Buying a car in a recession

April 1, 2009 8:40:38 PM PDT
Donald Batista is in the market for a second car. He knows that a used car can be a better value.

But with a growing list of incentives on new cars, like zero percent financing and even cash back, the price difference between a new car and a used car is changing.

"Some customers are going to dealerships looking for a new car and finding a used car is similarly priced," said Brain Moody, senior editor at Edmunds.com.

In this weakened economy, dealers like Tarrytown Honda see new car sales flat, but used car sales up 50 percent.

"Used car values have gone up. Cars are harder to find. Therefore, dealers have to pay more. Therefore, the consumer ends up paying more," owner Dwight Dachnowicz said.

So what do you look for?

"We recommend that people take a look at the overall ownership costs not just the cost to acquire the vehicle," said Jeff Bartlett of Consumer Reports.

Also compare dollars and features.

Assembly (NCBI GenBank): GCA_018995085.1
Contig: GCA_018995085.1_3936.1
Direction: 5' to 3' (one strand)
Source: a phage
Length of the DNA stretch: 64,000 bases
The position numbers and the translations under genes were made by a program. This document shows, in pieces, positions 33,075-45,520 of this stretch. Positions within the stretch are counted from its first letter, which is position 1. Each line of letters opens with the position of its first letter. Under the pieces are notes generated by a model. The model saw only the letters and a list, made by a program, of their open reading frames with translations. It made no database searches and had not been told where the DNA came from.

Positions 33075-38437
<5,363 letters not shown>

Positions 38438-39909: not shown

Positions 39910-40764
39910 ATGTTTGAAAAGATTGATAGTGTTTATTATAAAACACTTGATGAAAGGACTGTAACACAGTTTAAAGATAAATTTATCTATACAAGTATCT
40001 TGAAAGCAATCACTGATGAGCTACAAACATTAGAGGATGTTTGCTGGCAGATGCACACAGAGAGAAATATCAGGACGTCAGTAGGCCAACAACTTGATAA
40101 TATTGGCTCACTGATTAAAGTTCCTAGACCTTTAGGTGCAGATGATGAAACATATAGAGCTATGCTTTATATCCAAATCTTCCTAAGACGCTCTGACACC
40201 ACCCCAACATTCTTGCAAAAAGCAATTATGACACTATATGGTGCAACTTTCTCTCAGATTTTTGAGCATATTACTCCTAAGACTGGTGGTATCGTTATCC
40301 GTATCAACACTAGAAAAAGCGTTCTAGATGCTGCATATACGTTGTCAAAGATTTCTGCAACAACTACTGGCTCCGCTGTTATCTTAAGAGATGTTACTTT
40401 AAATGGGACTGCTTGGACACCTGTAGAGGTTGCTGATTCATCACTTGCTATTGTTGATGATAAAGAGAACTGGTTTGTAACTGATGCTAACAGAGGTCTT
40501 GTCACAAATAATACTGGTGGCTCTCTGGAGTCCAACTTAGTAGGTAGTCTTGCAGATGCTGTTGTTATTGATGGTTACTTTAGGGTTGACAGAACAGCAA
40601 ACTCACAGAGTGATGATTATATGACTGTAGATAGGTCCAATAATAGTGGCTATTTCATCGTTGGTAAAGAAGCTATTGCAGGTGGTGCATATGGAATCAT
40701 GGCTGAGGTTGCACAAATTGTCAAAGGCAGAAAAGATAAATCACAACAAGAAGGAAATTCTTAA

"A late model car -- that is a car that reflects the recent engineering features, that's going to perform and deliver the fuel economy that you would expect from a new car," Bartlett explained.

"The important thing to do is do a lot of research ahead of time. Figure out what type of car works for you and figure out what your price point is and don't budge from that," Moody said.

Certified used cars, consumer experts say, most often offer a warranty from the manufacturer.

You can find more information about car buying tips and advice from Edmunds.com at http://www.edmunds.com/car-advice.html.

Consumer Reports also offers an online car buying guide at http://www.consumerreports.org/cro/cars/car-buying-advice/index.htm

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